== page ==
In January 2021, ASEAN launched the ASEAN Model Contractual Clauses (MCC) for Cross Border Data Flows.15 Recognising the different development stages of ASEAN member states, the MCC is a voluntary scheme that provides a standard for ASEAN private sector companies to follow when it comes to the transfer of personal data.
"What in 2010 The Economist first dubbed the “Balkanisation of the internet” through regulations – also called “cyber-Balkanisation” and “splinternet” – is becoming more visible today."
Such related regulatory initiatives are far-reaching. In the foreseeable future, they include the fortification of jurisdiction boundaries through a country’s exercise of greater autonomy over its part of the global internet, and the cyberspaces of China, India, Europe, the US, and even ASEAN are becoming distinctive. What in 2010 The Economist first dubbed the “Balkanisation of the internet” through regulations – also called “cyber-Balkanisation” and “splinternet” – is becoming more visible today.
This trend will extend to the operating models of businesses, including cross-border scalability, and back-up and recovery planning. For example, uses of application programming interfaces across jurisdictions and the data that can be pulled, processed and stored can be affected. Machine learning training needs to factor in potential gaps in data sets, while cross-border uses of distributed ledger technology for financial activities and digital asset transactions can run into complex legal and regulatory matters.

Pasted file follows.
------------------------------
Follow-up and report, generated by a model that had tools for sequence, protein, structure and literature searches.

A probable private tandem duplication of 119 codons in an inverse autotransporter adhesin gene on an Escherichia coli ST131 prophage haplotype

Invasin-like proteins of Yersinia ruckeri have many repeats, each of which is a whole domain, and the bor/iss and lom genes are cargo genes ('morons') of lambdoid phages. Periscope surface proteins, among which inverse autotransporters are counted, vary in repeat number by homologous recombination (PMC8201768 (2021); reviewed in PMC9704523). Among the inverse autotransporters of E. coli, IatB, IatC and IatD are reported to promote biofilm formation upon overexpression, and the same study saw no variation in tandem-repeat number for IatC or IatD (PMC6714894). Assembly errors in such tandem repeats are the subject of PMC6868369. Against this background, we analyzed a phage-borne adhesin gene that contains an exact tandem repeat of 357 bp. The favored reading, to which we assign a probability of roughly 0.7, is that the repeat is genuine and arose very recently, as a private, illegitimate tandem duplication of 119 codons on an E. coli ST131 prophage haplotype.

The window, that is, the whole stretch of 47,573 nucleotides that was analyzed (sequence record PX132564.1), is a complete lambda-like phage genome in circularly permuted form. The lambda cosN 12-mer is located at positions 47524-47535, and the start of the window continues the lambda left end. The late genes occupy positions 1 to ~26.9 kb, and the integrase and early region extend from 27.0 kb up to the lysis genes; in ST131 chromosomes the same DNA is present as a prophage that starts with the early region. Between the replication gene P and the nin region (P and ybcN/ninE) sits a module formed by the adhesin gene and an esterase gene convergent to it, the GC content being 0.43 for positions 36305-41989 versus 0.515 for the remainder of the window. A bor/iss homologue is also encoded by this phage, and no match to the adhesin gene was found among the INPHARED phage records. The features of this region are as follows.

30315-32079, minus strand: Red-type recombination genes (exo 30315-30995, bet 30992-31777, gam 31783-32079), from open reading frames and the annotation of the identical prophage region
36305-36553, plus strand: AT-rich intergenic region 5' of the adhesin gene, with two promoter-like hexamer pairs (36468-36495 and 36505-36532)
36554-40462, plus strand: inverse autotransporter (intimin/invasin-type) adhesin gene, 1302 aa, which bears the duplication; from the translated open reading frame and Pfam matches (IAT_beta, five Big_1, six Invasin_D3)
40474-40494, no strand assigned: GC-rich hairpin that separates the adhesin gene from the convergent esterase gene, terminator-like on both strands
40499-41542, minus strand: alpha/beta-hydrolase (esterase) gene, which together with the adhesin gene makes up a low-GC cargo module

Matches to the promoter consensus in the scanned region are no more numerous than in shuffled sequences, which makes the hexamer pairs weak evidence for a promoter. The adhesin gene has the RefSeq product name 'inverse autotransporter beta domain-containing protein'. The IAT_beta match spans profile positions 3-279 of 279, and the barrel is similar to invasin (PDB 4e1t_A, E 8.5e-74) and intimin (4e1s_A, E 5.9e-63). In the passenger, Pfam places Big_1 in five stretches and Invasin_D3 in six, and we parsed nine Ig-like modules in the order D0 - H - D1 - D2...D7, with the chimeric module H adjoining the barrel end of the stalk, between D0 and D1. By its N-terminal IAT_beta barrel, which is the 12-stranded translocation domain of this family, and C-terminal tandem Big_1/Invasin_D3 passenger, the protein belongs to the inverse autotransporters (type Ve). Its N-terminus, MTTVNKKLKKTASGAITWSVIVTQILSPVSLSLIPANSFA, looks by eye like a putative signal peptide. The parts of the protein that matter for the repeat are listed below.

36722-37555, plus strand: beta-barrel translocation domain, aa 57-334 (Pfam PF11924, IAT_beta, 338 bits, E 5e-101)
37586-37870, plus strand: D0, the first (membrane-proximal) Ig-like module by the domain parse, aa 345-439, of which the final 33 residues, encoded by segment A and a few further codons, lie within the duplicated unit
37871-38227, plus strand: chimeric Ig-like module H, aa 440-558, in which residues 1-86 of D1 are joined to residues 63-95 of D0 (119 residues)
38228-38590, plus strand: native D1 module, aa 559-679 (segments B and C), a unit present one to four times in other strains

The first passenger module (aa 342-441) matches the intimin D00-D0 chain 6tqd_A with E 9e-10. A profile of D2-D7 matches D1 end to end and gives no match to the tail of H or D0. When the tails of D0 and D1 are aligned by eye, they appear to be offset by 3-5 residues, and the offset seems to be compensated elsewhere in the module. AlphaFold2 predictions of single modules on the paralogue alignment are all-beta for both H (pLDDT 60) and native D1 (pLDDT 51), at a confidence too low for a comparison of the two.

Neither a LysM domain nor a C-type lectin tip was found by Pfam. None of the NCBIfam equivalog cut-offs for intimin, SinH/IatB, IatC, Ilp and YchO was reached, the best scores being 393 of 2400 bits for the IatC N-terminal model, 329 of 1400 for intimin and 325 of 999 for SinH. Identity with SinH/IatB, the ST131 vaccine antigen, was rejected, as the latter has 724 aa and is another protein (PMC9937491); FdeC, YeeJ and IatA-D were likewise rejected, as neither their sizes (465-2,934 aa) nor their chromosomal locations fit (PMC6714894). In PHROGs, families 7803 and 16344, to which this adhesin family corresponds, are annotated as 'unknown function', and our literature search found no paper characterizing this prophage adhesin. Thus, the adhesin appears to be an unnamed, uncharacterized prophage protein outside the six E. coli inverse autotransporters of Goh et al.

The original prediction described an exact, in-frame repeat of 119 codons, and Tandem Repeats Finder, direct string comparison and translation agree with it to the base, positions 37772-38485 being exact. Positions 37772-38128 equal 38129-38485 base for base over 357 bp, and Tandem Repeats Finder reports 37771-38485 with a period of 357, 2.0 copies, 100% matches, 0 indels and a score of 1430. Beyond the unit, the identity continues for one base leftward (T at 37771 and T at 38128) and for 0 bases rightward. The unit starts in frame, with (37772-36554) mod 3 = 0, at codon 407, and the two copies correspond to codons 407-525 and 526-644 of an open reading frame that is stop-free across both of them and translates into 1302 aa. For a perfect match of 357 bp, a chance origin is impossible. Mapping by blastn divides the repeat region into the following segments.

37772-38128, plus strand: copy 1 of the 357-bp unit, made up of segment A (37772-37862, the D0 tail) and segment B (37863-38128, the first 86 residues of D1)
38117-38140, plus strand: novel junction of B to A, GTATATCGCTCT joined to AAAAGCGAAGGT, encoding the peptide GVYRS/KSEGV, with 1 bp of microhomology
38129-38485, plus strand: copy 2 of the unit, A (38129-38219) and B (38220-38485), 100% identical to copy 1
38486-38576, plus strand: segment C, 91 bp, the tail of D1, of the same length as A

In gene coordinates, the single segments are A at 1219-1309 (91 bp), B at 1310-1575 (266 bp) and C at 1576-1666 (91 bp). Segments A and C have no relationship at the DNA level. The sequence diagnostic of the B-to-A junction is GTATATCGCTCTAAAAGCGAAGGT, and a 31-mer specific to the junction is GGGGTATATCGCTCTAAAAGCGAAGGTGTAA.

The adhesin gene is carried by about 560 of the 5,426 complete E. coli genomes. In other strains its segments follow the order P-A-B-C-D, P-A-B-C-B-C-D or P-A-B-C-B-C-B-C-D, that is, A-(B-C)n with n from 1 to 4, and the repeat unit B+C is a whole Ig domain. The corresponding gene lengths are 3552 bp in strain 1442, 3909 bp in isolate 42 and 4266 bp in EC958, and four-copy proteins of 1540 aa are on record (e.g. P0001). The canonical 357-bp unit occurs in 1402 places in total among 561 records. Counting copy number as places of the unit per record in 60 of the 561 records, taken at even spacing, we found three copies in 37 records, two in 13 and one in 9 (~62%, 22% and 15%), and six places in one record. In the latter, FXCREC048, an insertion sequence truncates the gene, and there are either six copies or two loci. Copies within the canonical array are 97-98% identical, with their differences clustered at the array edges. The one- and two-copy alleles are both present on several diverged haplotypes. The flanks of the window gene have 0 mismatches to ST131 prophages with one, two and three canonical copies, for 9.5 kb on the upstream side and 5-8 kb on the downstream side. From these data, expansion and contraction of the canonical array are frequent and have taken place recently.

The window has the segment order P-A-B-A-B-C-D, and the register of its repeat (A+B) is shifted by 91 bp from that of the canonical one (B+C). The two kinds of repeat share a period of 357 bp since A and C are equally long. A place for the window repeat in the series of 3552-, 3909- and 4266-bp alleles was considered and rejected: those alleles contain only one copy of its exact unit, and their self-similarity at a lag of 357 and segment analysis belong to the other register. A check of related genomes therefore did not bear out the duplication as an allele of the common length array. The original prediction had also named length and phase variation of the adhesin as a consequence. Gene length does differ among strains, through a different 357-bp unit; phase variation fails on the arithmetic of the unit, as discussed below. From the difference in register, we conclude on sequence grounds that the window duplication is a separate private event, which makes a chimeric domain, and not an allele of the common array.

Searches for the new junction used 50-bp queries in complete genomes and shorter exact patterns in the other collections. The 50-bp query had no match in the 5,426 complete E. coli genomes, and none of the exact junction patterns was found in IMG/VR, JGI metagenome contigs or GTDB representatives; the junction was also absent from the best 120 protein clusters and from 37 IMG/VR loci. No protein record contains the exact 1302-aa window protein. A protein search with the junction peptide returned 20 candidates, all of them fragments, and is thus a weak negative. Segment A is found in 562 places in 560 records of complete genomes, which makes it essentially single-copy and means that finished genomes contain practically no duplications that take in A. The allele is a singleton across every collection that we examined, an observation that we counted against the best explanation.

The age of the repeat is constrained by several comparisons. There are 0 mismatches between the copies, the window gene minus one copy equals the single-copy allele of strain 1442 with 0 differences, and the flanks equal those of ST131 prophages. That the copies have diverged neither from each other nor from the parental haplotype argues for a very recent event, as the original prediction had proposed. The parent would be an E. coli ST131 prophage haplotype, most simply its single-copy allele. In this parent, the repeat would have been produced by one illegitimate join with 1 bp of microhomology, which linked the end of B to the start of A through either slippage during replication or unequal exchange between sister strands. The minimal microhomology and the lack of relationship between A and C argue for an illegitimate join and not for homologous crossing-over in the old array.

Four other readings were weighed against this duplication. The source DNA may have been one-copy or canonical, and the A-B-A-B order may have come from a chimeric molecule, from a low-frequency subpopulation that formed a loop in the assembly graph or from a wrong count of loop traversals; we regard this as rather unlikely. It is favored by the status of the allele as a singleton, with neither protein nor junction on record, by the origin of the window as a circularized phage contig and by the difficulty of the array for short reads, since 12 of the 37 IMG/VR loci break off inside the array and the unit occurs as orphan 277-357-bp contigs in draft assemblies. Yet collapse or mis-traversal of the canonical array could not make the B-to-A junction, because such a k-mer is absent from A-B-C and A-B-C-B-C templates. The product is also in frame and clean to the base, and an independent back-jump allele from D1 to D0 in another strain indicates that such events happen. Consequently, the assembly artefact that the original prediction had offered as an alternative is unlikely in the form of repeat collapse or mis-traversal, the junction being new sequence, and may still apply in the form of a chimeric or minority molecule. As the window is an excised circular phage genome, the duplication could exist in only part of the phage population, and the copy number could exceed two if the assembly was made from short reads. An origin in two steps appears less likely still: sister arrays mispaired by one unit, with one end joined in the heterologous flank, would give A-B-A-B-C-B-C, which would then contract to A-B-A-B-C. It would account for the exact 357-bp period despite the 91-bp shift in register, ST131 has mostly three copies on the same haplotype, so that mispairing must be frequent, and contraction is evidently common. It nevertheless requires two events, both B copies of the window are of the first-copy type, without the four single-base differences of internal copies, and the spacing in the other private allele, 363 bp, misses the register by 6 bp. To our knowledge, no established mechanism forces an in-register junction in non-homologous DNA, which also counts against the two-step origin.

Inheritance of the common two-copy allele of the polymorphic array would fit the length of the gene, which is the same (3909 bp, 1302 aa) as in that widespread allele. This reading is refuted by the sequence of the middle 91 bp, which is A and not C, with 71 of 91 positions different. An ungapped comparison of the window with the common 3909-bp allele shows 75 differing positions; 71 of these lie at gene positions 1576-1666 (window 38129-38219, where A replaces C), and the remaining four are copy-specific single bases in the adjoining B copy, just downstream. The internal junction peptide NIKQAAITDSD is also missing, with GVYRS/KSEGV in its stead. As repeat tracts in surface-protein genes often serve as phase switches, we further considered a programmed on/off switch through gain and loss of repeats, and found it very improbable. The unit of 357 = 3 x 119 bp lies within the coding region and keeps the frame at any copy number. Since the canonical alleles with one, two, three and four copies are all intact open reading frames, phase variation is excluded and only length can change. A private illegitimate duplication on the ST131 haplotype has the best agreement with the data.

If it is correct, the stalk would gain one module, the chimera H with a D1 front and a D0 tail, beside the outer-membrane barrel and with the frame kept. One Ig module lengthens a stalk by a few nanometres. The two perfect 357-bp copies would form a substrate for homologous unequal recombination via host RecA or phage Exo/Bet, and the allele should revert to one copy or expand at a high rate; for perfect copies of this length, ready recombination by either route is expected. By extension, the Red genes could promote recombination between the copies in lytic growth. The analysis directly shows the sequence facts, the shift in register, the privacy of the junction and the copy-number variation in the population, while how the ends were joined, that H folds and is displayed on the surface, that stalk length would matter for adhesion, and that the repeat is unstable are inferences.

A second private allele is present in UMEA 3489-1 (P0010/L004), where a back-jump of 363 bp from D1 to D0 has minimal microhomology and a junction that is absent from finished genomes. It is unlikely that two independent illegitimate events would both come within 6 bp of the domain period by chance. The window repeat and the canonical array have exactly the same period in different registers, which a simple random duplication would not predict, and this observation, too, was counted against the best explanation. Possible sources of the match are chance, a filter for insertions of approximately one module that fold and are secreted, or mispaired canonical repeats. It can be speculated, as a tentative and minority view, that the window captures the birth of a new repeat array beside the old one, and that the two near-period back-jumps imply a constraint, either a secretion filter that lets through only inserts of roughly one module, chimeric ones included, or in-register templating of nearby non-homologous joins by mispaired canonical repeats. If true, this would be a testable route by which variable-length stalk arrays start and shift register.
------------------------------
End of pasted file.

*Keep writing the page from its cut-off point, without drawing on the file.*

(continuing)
Businesses’ policies, processes, systems and standards will need to be continuously updated in line with digital operational resilience regulations, and overlapping extraterritorial reaches. The heavy penalties for non-compliance will necessitate informed attention from C-suite executives.
*Regulatory updates as at 31 March 2021.
1 See https://bit.ly/3dHvYwT at ctc.usma.edu
2 See https://bit.ly/3tNNlly at rm.coe.int
3 See https://bit.ly/2PKOwnQ at csrc.gov.cn
4 See https://bit.ly/2OwLumO at ec.europa.eu
5 See https://bit.ly/3sZstIr at europol.europa.eu
6 See https://bit.ly/39NCGQE at ec.europa.eu
7 See https://bit.ly/3fQpDSj at warner.senate.gov
8 See endnote 7
9 See https://bit.ly/3dzIdve at ec.europa.eu
10 See https://bit.ly/3d0vkeY at lexology.com
11 See https://reut.rs/3fSJbFM at reuters.com
12 See https://bit.ly/3wzhJTk at lexology.com
13 See https://bit.ly/2OsEeIt at europarl.europa.eu
14 See endnote 13
15 See https://bit.ly/3rUBXmX at asean.org